lucius_t (lucius_t) wrote in theinferior4,

I've just been reading back issues of Zoetrope All-Story, a fairly depressing experience in that the stories share a handful of tonal qualities, excepting a few gems and several classic reprints. The reason I set myself this duty was because I have a longish mainstream story and wondered if Zoetrope was a suitable venue for it (don't think so), and I was about to give up when I stumbled on a reminiscence/essay by Mary Gaitskill about the making of one of her stories into the movie Secretary with Maggie Gyllenhall. She had a caring producer who promised to be gentle with her work (and ultimately was), saying that he wouldn't do to her story what was done to the original script of Pretty Woman. Gaitskill's (and mine) reaction was, Huh? Pretty Woman? That retarded crap? Then, much later, she read the original script and found that it was a dark and powerful piece of work, entitled Three Thousand, about "a loser and a victim," the former dumping the latter out of his Rolls at movie's end and running off to be married.

This put me in mind of the original script for The Truman Show, a dark, powerful work set in a dystopic future Manhattan, with none of the frontloading that the film had, i.e., the audience is just as much in the dark about the movie's basic circumstance as is Truman, a tremendously suspenseful and menacing script, as opposed to the the frothy angst of the film. And I wondered if the majority of the crapfests that flicker before our eyes start life as good scripts. Could that be possible? Could Swordfish and Domino have begun as complicated, layered scripts like, say, Chinatown? Probably not. Still, I'd be interested if anyone knows of other incidences of this phenomenon.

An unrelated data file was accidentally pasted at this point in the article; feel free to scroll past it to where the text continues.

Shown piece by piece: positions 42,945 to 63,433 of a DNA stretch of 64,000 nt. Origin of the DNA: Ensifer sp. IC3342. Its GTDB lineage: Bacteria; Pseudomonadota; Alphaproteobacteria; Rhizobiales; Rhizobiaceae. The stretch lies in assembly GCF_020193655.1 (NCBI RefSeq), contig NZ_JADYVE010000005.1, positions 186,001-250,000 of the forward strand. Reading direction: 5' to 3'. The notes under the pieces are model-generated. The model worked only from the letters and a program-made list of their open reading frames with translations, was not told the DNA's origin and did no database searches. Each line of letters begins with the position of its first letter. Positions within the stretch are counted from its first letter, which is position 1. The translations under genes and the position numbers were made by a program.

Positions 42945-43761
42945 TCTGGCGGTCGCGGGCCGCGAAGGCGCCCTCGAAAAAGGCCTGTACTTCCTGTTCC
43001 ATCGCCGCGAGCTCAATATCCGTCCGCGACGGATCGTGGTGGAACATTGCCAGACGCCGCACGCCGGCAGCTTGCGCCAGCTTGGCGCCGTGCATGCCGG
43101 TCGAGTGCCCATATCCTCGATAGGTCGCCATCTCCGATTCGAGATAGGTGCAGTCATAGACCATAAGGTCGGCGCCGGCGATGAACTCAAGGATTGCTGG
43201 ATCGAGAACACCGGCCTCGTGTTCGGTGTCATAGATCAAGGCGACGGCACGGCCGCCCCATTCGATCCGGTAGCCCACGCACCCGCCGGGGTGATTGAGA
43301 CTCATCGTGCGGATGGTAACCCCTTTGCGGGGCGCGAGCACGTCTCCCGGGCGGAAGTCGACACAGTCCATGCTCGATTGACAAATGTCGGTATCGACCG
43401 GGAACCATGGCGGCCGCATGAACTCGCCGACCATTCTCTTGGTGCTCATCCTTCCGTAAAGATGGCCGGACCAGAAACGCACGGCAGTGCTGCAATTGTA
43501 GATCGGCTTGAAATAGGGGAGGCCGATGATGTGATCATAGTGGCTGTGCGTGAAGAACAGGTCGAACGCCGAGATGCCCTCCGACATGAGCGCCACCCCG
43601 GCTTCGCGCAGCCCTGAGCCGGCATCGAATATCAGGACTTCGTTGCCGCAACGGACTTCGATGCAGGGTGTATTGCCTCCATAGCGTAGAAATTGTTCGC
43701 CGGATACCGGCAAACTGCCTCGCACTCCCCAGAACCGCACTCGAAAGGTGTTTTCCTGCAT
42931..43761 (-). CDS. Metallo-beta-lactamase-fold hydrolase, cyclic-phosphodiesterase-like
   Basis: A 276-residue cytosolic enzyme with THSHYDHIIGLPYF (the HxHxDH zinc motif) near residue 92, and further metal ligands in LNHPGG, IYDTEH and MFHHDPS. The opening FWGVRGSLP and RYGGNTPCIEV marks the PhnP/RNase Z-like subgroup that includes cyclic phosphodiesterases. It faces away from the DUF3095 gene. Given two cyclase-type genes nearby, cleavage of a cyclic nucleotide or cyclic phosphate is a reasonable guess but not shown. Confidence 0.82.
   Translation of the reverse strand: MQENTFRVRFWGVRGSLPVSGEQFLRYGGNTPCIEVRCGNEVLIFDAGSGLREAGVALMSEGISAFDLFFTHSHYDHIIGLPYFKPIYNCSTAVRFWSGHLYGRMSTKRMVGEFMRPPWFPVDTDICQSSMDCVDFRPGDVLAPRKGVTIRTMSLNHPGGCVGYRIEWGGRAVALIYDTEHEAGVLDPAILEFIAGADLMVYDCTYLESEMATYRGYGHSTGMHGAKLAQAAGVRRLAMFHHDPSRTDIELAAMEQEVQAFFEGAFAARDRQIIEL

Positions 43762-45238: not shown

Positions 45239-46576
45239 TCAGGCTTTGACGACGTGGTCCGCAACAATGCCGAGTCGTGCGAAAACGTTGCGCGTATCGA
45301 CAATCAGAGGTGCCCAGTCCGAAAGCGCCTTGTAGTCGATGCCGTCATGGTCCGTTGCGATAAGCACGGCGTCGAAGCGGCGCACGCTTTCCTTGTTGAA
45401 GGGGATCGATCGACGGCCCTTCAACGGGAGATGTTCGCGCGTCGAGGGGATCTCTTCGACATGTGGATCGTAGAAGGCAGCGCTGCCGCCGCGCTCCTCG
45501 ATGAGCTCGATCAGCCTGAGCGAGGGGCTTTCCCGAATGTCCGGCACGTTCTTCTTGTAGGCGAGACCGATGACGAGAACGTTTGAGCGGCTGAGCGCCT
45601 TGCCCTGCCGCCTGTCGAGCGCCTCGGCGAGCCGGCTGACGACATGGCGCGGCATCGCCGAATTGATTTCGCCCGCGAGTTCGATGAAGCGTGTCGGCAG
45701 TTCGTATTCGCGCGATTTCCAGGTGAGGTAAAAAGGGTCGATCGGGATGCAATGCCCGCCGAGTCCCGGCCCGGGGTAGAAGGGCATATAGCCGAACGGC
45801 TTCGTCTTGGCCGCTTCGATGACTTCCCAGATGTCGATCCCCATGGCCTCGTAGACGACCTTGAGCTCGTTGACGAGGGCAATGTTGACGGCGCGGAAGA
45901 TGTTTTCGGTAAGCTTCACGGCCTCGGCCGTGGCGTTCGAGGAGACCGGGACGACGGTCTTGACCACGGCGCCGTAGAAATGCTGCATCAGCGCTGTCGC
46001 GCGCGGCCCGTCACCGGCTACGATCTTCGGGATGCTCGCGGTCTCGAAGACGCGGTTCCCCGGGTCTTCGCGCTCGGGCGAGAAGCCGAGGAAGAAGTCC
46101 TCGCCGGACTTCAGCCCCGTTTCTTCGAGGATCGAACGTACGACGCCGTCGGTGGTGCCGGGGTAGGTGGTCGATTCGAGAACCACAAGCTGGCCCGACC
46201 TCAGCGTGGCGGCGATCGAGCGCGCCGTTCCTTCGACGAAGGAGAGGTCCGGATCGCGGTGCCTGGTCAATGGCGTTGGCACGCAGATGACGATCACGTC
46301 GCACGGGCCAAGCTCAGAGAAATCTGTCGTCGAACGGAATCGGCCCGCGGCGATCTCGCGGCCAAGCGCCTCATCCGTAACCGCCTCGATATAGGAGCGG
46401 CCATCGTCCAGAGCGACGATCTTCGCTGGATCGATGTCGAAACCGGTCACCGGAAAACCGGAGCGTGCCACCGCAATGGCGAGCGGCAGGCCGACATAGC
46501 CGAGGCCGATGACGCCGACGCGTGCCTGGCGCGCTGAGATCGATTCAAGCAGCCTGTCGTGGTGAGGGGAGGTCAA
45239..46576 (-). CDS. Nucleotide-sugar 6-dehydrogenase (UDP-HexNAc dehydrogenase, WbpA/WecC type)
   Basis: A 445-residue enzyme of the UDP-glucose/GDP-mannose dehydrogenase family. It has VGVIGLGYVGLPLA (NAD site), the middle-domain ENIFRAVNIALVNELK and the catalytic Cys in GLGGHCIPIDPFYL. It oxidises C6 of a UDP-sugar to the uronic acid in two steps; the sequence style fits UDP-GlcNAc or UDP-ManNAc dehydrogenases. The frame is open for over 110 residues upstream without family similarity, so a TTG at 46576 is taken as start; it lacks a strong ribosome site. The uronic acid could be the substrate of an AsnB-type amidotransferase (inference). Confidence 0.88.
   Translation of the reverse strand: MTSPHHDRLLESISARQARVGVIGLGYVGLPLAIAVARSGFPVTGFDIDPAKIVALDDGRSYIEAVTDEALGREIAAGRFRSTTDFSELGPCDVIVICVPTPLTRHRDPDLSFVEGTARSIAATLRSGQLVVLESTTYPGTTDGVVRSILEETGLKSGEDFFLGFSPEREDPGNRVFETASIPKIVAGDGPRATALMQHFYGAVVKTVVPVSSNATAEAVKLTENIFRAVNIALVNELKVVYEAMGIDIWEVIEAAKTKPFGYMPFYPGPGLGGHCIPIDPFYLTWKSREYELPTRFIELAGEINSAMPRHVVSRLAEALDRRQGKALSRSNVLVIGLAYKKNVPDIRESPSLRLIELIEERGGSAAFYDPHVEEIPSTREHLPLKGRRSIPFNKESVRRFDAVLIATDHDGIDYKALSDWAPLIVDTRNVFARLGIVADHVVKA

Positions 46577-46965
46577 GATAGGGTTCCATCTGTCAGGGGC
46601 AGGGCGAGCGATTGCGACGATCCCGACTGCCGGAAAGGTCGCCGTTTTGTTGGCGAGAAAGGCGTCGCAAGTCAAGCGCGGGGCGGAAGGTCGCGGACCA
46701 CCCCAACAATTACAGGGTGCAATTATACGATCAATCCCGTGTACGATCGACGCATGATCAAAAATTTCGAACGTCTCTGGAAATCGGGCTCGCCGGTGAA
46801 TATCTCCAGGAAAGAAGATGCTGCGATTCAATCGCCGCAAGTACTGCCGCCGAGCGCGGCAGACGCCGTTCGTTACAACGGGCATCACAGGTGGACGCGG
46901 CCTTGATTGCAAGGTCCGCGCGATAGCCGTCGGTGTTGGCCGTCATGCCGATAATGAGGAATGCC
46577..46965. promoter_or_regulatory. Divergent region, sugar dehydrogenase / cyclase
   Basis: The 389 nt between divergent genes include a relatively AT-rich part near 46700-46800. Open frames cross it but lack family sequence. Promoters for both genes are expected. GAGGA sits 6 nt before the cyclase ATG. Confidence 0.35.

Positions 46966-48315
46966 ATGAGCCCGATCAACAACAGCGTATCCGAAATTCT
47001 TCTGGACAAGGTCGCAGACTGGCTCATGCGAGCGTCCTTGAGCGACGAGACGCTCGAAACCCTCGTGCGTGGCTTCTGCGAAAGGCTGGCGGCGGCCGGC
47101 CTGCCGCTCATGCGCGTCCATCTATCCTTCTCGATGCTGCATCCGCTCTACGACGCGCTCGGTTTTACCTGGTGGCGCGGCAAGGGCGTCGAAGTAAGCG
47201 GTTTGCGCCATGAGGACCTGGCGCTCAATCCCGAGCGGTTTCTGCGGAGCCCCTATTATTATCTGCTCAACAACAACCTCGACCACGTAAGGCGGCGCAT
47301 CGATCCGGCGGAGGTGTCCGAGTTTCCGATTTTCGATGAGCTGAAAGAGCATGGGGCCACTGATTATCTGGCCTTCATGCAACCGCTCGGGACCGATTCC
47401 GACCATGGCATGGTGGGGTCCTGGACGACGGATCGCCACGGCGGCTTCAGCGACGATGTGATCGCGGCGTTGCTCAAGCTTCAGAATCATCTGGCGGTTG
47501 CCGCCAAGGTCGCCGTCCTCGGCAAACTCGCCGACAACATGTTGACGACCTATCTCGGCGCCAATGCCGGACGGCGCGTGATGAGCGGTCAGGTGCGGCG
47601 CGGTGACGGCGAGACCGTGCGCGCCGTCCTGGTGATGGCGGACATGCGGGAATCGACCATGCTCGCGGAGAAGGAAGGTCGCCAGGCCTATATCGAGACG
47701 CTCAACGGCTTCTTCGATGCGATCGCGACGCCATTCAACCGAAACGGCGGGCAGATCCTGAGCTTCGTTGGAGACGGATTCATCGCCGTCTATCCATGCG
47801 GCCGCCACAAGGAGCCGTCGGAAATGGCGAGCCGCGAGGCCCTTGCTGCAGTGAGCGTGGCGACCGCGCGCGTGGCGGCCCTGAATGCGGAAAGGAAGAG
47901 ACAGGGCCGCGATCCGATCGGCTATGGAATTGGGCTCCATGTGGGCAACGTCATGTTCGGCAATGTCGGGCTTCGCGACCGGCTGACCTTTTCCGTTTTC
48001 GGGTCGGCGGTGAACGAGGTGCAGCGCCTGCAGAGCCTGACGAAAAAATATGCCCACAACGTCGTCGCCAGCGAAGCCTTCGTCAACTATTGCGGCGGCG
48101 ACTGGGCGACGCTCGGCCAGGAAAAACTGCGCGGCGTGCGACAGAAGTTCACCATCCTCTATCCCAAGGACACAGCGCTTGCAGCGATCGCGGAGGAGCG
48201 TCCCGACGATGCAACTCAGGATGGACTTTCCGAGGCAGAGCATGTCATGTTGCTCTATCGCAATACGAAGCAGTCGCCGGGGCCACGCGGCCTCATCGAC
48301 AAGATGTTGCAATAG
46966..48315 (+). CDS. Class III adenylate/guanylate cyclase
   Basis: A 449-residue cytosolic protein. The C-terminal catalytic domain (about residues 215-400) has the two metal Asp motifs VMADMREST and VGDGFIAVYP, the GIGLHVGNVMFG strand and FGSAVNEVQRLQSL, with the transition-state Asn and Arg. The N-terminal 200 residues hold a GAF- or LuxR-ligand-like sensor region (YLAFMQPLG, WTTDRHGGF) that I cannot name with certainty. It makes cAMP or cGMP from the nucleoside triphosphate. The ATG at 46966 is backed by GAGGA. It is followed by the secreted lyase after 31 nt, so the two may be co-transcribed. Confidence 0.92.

Watched Pushing Daisies tonight, the new ABC series. It was surprisingly good--the afro-american sidekick was a cliche, but the whole thing had a nice fairytailish edge, a mixture of Lynch (lots of pie) and Edward Scissorhands all wrapped up in a package that reminded me of the Fractured Fairy Tales on the Rocky and Bullwinkle show, complete with old English guy voiceovers. It won't stay good, but if you didn't see it, you might want to catch it before it turns bad.
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